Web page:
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difluprednate (ophthalmic)

(dye-floo-pred-nate) ,


(trade name)


Therapeutic: ocular agents
Pharmacologic: corticosteroids
Pregnancy Category: C


Treatment of inflammation and pain associated with ocular surgery.


Decreases inflammation.

Therapeutic effects

Decreased pain and inflammation following ocular surgery.


Absorption: Limited systemic absorption.
Distribution: Unknown.
Metabolism and Excretion: Unknown.
Half-life: Unknown.

Time/action profile



Contraindicated in: Active viral, mycobacterial or fungal infection of eyes and surrounding structures.
Use Cautiously in: Obstetric: Use in pregnancy only if potential benefit justifies potential risk to the fetus; Lactation: Use cautiously during lactation; Pediatric: Safety and effectiveness in children have not been established.

Adverse Reactions/Side Effects

Ear, Eye, Nose, Throat

  • ↑ intraocular pressure
  • blepharitis
  • cataracts
  • conjunctival hyperemia
  • corneal edema
  • delayed healing
  • eye pain
  • infections
  • iritis
  • photophobia


Drug-Drug interaction

None noted.


Ophthalmic (Adults) 1 drop four times daily, starting 24 hr after surgery for 2 wk, then twice daily for one week, then further tapered based on response.


Ophthamic emulsion: 0.05% in 5 mL bottle

Nursing implications

Nursing assessment

  • Assess affected eye for pain and swelling during therapy.
  • Monitor intraocular pressure of difluprednate is used more than 10 days.

Potential Nursing Diagnoses

Acute pain (Indications)


  • Ophthalmic: Instill 1 drop into conjunctival sac of affected eye 4 times/day beginning 24 hrs after surgery and continuing throughout first 2 wks of postoperative period, followed by twice daily for a wk, then base dose on patient response.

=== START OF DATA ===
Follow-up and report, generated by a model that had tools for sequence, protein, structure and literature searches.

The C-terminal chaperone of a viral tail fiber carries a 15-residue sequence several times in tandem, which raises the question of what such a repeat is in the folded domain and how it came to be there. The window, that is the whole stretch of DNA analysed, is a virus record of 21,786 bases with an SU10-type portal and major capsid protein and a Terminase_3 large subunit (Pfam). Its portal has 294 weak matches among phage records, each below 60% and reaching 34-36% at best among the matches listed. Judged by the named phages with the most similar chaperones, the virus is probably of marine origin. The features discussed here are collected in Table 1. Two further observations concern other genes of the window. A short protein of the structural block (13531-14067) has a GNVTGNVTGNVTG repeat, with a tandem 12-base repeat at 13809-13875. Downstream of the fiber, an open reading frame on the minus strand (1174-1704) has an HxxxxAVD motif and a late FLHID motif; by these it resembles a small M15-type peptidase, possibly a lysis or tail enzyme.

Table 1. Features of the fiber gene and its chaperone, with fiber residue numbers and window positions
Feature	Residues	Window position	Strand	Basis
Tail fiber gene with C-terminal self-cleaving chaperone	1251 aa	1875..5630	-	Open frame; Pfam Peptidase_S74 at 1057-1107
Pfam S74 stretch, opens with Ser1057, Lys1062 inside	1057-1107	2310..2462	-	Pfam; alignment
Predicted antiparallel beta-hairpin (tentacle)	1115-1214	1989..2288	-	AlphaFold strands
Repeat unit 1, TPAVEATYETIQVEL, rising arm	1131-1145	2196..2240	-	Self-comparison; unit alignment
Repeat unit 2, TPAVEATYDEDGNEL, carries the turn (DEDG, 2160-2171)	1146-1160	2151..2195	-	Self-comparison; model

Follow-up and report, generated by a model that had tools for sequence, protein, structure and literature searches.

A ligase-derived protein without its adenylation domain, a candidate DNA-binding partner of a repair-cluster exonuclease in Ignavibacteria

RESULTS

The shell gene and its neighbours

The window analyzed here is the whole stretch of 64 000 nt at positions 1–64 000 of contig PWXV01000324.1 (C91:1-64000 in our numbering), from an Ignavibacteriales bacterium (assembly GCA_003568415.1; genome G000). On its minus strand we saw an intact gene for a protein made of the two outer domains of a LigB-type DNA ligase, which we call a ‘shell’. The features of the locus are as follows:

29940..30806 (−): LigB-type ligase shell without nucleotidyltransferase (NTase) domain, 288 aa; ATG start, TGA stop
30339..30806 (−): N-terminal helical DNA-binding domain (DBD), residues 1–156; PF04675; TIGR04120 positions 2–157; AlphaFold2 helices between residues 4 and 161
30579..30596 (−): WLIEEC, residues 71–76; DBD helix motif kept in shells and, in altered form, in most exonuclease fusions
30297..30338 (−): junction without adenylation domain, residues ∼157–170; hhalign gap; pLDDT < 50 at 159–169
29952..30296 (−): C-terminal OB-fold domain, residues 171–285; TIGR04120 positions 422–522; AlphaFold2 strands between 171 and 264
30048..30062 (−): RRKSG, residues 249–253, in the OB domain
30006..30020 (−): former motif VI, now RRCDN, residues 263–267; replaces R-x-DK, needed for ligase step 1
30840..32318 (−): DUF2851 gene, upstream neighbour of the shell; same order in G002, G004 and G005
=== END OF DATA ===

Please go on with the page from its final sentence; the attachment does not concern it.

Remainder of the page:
Patient/Family Teaching

  • Instruct patient in correct technique and frequency for instillation of eye drops (see ).
  • Instruct patient to avoid wearing contact lenses during therapy.
  • Advise female patients to notify health care professional if pregnancy is planned or suspected or if breastfeeding.
  • Advise patient to notify health care professional if redness, itching or inflammation develops or becomes aggravated.

Evaluation/Desired Outcomes

  • Decrease in eye pain and inflammation following ocular surgery.
Drug Guide, © 2015 Farlex and Partners
References in periodicals archive ?
Prednisolone acetate 1% or equivalent, or difluprednate 0.05% without BAK, was prescribed QID, 1-4 weeks postsurgery, TID, week 5 postoperative, BID, week 6 postoperative, and QD, 7-12 weeks postsurgery.
Postoperatively, topical moxifloxacin was given for 2 weeks and difluprednate for 6 weeks on a slow taper.
There are no human eye data for five topical corticosteroids: difluprednate (Durezol), fluorometholone (Flarex, Fluor-OP, FML), loteprednol (Alrex, Lotemax), prednisolone (Econopred), and rimexolone (Vexol).
Fluromethalone (92; 60.53%) was the most commonly prescribed steroid followed by loteprednol (40; 26.32%), and difluprednate (20; 13.16%).
along with difluprednate 0.05% (Durezol) every hour and loteprednol etabonate 0.5% (Lotemax) ointment at night in each eye.
Difluprednate ophthalmic emulsion 0.05%, a strong topical steroid, was approved by US Food and Drug Administration (FDA) in June 2008, for treatment of ocular inflammation and pain associated with ocular surgery [5,6] along with less frequency of dosage (4 times) for better patient compliance.
In June 2008 difluprednate ophthalmic emulsion 0.05% was approved by the US Food and Drug Administration (FDA) for the treatment of inflammation and pain associated with ocular surgery.
Earlier prednisolone acetate 1% suspension was gold standard for post cataract surgery patients but now difluprednate, a new potent steroid is available in market with broad spectrum anti-inflammatory activity.